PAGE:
Old Nathan - David Drake There is a big difference between copying and paying tribute. A copy steals the ideas of a better work with no interest in finding your own voice. A tribute is a work that pays homage to an artist and while using deliberate similarities, strengthens the original by adding new dimensions to the ideas.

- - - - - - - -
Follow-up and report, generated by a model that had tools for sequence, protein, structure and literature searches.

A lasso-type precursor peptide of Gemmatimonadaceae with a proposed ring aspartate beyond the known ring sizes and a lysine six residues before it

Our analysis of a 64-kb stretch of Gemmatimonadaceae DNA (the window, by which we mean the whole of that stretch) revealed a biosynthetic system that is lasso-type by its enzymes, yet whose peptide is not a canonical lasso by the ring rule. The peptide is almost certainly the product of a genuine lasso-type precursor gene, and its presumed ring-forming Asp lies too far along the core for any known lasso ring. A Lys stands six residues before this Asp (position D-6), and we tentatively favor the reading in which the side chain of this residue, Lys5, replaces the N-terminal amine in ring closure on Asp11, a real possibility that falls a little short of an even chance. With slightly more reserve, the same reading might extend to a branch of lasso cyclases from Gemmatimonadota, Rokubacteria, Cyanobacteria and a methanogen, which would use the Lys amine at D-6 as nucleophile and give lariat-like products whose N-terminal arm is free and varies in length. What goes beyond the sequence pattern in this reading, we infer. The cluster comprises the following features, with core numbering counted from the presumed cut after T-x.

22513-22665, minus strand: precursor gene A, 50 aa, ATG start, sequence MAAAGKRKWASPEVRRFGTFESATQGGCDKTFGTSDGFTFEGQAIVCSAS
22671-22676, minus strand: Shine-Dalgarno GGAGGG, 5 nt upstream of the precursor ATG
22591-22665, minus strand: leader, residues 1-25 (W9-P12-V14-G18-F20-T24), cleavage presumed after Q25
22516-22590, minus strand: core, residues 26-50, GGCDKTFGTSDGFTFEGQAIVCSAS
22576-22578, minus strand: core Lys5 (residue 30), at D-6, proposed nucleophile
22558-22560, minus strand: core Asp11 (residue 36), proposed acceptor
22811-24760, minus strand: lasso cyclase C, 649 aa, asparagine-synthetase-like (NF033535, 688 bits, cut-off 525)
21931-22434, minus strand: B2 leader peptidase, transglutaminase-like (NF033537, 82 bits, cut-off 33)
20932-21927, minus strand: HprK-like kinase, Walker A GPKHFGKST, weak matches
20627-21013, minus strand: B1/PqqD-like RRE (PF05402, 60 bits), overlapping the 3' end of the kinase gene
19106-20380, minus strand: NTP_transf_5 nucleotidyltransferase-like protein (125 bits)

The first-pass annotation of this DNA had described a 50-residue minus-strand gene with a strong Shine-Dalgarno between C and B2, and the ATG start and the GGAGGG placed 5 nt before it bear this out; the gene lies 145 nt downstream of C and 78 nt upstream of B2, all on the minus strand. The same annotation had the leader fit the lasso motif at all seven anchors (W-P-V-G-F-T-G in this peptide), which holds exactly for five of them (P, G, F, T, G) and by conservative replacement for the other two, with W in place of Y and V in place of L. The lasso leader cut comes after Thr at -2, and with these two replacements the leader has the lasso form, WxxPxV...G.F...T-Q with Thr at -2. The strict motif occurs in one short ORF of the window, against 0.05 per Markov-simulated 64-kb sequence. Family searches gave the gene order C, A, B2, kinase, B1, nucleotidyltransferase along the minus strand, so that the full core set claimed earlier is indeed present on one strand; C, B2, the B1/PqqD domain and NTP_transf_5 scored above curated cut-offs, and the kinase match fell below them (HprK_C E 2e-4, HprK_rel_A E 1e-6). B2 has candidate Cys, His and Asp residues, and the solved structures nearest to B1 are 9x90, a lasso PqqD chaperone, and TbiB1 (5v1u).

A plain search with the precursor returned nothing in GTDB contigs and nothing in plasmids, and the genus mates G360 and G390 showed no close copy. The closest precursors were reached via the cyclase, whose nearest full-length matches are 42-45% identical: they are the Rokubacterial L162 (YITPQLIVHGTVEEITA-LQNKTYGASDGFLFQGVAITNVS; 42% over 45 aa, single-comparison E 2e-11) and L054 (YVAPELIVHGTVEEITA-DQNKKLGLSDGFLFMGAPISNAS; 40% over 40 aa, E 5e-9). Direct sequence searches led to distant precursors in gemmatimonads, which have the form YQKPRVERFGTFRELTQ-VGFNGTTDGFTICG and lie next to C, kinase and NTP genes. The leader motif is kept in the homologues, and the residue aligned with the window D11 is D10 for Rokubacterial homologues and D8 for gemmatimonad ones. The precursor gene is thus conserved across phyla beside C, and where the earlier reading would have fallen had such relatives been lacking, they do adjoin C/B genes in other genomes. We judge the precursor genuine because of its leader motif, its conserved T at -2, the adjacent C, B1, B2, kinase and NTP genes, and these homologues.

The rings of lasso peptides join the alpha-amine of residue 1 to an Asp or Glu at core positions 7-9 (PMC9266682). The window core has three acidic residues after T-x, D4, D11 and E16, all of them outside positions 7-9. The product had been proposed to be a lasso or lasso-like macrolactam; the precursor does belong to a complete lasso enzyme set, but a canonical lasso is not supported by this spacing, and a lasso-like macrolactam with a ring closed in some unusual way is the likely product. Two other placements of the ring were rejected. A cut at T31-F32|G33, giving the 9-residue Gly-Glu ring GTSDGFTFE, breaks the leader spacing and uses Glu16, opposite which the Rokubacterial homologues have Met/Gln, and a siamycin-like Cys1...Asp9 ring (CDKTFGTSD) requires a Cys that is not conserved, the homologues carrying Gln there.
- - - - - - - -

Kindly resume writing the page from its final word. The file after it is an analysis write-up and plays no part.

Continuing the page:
Old Nathan is a tribute to the Silver John stories of Manley Wade Wellman. David Drake uses a similar idea and setting as Wellman's stories of a magic-savvy wanderer in the Carolina mountain. Yet Drake's themes are decidedly different. Old Nathan is a old cunning man, a mountain term for magician, living in the backwoods of Tennesee in the early 19th century. He is basically a hermit with no real fondness for mankind. Yet ever since he was wounded in a battle he has developed a talent for magic and an ability to talk to animals. Even with his mean streak, and I would have a mean streak if I was afflicted with his type of injury, he is instantly likeable and honorable. Drake uses a format similar to Simak's City, The book is ostensibly a novel but is really five short stories that makes up a continuous tale. This is very different, and much better, than Drake's usual military-minded sci-fi. The folksy dialect and references feels real and gives these stories an authenticity which only strengthens the feeling of respect Drake must have for Wellman's Silver John tales. Add on one of the most amazing endings I've ever read and you have a brilliant tribute that is outstanding on its own. I give this four and a half stars only because I would give Wellman"s Silver John tales five stars and I don't want to dis the master